Tuesday, December 21, 2010

Prepare Yourselves

Ladies and Gentlemen of the Blogosphere: I am preparing to do the Hanukkah Dinner tonight. This next few days will be a series of posts about each course, the preparation thereof, and so on. Be prepared.

Previous posts about a course from this meal include:

Curried Carrot Soup
Earl Gray Panna Cotta

Some changes will be made to the recipes, I suspect. I'll note that in a final write-up some time next week.

Until we meet again, cook well.



Saturday, December 18, 2010

A Good Cause

So, I usually talk about eating animals, right? I'm a carnivore, I like roast meats, and I like butchering meat as well—we'll get into that soon enough on this blog, I'm sure.

Tonight, however, I'm going to talk about something different. Most of you probably read Miss Kagashi's blog over at The Steamer's Trunk/Multiculturalism For Steampunk. For those of you who don't, 1.) you should and 2.) you should also consider chipping in via the widget at the bottom of this post to her charity drive.

Miss Kagashi has decided to support Heifer International, and specifically to raise money towards purchasing a Gift Ark, which includes a mated pair of several animals, plus instruction on their care, feeding, raising, and so forth—a laudable goal if I ever heard one.

So, if you haven't already done so, please consider throwing a few bucks the way of this charity drive during this holiday season. Animals are a gift that keeps on giving, and they can be essential to the survival and improvement of an impoverished community.

On a blog where I celebrate excess—through culinary endeavors and through a healthy love of the Victorian era and its excesses—I would like to exhort you all to give to those who cannot afford the excess.

Thursday, December 16, 2010

Earl Grey Panna Cotta

Tea, and especially Earl Grey, has become inextricably linked with steampunk. Professor Elemental serenaded it in "Cup of Brown Joy," and many Steampunks enjoy sitting back with a hot pot of tannic liquid. Panna Cotta is an older dessert that's come back of late as American tastes stray towards the gourmet. A combination of the two seems perfectly logical—creamy, delightful, and full of bergamot flavor.

Typically, panna cotta uses milk, cream, and sugar, which is then combined with gelatin. The flavoring is often simply that of the milk products, but additional flavorings are possible; I have made a blood orange panna cotta using blood orange purée, and I have eaten raspberry- and strawberry-flavored versions as well.

Here we are going to apply the tea to the dessert via a direct addition; another way could be to use a method described by my good friends at TeaHaus.

Tuesday, December 14, 2010

Tea for Ten

Cranberry-Orange Scones
My services were engaged this past weekend, to produce tea service for 10 on Sunday. While I did not make everything completely from scratch, there's a fair bit of this that I produced myself, and I thought I might as well document it here for your edification and information.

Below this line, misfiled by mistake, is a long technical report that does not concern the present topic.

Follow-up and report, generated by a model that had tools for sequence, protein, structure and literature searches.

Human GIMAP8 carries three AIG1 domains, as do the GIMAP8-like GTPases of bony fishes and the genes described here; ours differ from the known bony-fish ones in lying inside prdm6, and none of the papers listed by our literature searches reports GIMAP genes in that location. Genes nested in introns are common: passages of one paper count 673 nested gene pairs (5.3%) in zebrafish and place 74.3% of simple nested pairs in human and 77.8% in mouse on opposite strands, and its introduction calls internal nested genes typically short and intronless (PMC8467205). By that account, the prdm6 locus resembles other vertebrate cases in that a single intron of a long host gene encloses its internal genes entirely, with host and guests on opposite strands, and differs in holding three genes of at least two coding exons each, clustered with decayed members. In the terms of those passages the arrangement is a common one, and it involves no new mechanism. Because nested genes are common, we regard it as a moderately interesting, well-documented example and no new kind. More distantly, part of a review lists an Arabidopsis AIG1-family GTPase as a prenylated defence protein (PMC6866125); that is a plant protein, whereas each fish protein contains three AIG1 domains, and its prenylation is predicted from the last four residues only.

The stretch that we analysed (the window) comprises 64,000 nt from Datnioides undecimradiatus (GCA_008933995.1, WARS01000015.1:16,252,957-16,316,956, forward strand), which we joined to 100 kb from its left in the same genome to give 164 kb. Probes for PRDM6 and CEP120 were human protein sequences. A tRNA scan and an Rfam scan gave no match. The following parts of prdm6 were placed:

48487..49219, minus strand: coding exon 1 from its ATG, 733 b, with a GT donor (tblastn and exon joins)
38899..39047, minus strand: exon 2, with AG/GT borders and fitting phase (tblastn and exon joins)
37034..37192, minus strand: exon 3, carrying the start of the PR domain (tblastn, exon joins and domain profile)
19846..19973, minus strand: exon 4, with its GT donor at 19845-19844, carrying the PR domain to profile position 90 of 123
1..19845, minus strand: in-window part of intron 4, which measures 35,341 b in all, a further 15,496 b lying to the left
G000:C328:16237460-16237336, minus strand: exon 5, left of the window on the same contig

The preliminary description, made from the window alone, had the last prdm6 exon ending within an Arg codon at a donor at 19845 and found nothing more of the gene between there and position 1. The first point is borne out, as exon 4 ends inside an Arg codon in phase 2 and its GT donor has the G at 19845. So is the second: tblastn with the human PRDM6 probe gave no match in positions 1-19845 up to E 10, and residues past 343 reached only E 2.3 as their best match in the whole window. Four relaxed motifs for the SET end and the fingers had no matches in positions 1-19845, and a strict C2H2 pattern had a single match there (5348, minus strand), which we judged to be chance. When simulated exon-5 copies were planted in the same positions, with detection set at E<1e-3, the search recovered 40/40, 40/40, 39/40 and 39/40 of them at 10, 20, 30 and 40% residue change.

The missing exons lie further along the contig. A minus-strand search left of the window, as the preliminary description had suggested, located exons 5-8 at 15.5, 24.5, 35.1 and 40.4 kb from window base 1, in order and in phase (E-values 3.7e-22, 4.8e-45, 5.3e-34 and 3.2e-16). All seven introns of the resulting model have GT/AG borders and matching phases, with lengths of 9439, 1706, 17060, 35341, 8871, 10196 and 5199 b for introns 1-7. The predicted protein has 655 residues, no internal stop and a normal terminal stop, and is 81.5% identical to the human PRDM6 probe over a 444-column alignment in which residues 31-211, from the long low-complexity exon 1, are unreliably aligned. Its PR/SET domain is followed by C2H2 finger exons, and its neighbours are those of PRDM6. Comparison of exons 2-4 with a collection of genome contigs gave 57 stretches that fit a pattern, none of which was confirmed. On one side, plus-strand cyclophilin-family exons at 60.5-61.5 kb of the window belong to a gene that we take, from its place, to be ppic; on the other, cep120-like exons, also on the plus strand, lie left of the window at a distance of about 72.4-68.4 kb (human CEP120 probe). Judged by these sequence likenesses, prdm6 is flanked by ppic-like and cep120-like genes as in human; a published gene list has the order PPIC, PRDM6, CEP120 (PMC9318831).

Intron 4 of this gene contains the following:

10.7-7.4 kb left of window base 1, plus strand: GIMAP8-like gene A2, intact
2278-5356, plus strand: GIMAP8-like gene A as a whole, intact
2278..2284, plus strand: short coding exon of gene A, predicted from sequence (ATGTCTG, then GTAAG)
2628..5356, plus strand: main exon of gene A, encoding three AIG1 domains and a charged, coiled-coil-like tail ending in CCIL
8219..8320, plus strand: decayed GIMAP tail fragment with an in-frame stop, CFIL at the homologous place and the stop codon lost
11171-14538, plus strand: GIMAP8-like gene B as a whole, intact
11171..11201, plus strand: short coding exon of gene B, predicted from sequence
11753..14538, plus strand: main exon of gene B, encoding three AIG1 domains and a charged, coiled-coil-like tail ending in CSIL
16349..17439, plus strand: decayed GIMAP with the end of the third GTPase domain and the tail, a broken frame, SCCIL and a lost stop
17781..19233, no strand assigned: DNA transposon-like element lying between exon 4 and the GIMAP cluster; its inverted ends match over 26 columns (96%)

Scones - Plain and Orange-Cranberry, with Clotted Cream

Tea Sandwiches - Cucumber with Dill Cream Cheese; Prosciutto, Arugula and Boursin; Roasted Red Pepper, Portobello, and Chive Cream Cheese.

A Fruit Platter and A Cheese Platter

Chocolate Mousse and Palmiers

Proceed for pictures, recipes, and presentations.

Monthly Steampunk Feast No. 1

Hello, visitors from StumbleUpon! Welcome. Check out the main page or some recipes, why don't you?

The banquet requires one large staff.
A local bookstore has asked me to start offering monthly meals with a steampunk theme, and so for the first endeavor I have decided to go forth, full steam ahead, with no reservations.

The goal here is to fuse modern techniques and culinary understanding with an older approach to food and service—so, hopefully I will be able to engage enough people to have Russian Service and a respectable kitchen brigade. I won't deign to wear the round toque, but at least I'll cook well and have fun.

I shall either sink or swim on the merits of the following menu:

Monday, December 13, 2010


Delightful. By Thomas Hawk.
I have been gifted in this auspicious season of holidays and birthdays with a book called Vintage Spirits and Forgotten Cocktails, by Ted Haigh (the illustrious Dr. Cocktail.) The contents of the book vary from mid-Victorian drinks to things created in the 1950s that have since faded from our drinking culture.

Dr. Cocktail discusses in his introduction the first bartender's guide published in the United States—The Bar-Tender's Guide, or a Bon-Vivant's Companion. There's some reprints available, as well as a web-based version at The Art of Drink.

As I am a man who likes his drink—as I mentioned previously in this post—this book, and the world it has opened up, is fascinating. I suspect I'll have more things to show you in due course.

In the meantime, here's a recipe from Jerry Thomas, author of the 1862 Bar-Tender's guide, for the Blue Blazer:

Friday, December 10, 2010

Service Amounts